Five tips for successful charity partnerships
Last week I had the huge privilege of working with the team at Oxfam to launch a new partnership between the aid and development charity and Riot client, Moomin Characters.
The partnership centres around Moomin creator Tove Jansson’s short story The Invisible Child, which is about a little girl who turns invisible after being badly treated by the woman supposedly caring for her – but reappears and regains her place in the world after being shown kindness and respect by the Moomin family. The book is on sale at Waterstones, Oxfam shops and the Moomin Shop Covent Garden with the full £4.99 price going to support Oxfam women’s projects worldwide. It has already been a huge success, with a reprint of the book being ordered just three days after the launch thanks to such high sales.
Planning the launch got me thinking about the potential pitfalls of partnerships, so here are my top five tips for making sure your charity link-ups really make a difference:
1. Authenticity. The partnership between Moomin Characters and Oxfam came about in an organic way, and fortunately it was a very natural fit – the two organisations hold the same values of compassion, kindness, tolerance and respect for others, and the story of The Invisible Child mirrors Oxfam’s women’s projects so well. If you’re tasked with identifying potential charity partners for your clients, make sure there’s depth and logic behind your suggestions – and that you’re not just doing it because it looks good.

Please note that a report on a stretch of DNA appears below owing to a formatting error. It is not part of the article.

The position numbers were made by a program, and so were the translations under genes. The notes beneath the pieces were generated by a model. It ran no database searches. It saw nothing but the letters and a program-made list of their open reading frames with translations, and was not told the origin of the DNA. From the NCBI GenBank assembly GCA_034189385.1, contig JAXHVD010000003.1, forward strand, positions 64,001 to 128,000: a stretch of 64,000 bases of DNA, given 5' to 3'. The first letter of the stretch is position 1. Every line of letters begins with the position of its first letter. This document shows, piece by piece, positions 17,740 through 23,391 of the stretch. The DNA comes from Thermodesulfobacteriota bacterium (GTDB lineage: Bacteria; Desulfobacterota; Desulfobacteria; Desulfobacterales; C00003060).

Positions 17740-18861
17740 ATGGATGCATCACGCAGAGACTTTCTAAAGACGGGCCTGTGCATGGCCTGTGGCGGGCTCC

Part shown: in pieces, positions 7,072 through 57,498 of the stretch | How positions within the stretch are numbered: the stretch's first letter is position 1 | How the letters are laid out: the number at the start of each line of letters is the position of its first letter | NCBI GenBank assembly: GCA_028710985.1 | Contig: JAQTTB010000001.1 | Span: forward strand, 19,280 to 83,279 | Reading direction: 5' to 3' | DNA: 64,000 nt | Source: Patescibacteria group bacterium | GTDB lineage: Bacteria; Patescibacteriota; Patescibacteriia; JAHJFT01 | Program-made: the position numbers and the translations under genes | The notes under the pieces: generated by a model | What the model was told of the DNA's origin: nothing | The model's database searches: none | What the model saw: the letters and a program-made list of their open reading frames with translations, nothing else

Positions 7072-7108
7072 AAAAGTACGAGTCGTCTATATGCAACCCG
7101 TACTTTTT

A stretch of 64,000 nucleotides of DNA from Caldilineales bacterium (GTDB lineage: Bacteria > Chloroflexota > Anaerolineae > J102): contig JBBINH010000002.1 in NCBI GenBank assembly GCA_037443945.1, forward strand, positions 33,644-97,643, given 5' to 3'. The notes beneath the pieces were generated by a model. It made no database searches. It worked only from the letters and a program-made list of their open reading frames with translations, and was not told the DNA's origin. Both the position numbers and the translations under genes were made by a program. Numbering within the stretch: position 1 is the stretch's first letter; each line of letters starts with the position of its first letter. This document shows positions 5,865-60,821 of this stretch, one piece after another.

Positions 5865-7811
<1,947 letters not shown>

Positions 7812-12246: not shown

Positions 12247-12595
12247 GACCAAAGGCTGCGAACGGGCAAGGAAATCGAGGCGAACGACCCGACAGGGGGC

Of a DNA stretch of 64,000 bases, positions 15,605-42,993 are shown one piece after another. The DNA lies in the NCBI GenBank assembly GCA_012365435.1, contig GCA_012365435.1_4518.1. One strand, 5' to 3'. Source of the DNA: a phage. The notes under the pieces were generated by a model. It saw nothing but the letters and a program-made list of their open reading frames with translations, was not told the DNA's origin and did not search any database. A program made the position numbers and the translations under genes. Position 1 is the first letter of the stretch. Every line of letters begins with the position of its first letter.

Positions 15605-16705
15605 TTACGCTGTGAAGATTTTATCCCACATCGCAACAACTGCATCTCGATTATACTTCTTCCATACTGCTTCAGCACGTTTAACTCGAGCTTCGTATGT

2. Occasion. Partnerships such as the Moomin/Oxfam one require the generosity and hard work of a whole range of people. A launch event is a great way to not only announce your partnership to the media, but also to thank and reignite the enthusiasm of everyone who has contributed to making it a reality. We launched The Invisible Child campaign at the Finnish Ambassador’s Residence in Kensington Palace Gardens, where the Ambassador gave a speech about how the partnership was fitting given Finland has always been a leader in women’s rights (adding to the campaign narrative) and videos of Oxfam’s women’s projects were shown (reminding everyone of the reason we were there).
3. Collaboration. PR doesn’t work in isolation, so it’s crucial to mobilise as many networks as you can to help create noise. Waterstones and Oxfam both briefed their shops to share news of the campaign across their social media channels and we were blown away by how enthusiastically they rose to the challenge with photos of the beautiful in-store displays they had created. We also worked with Moomin.com to arrange for the story to go live simultaneously in English, Finnish and Swedish across all its channels. Provide your partners and supporters with assets as early as possible so they can plan their own communications.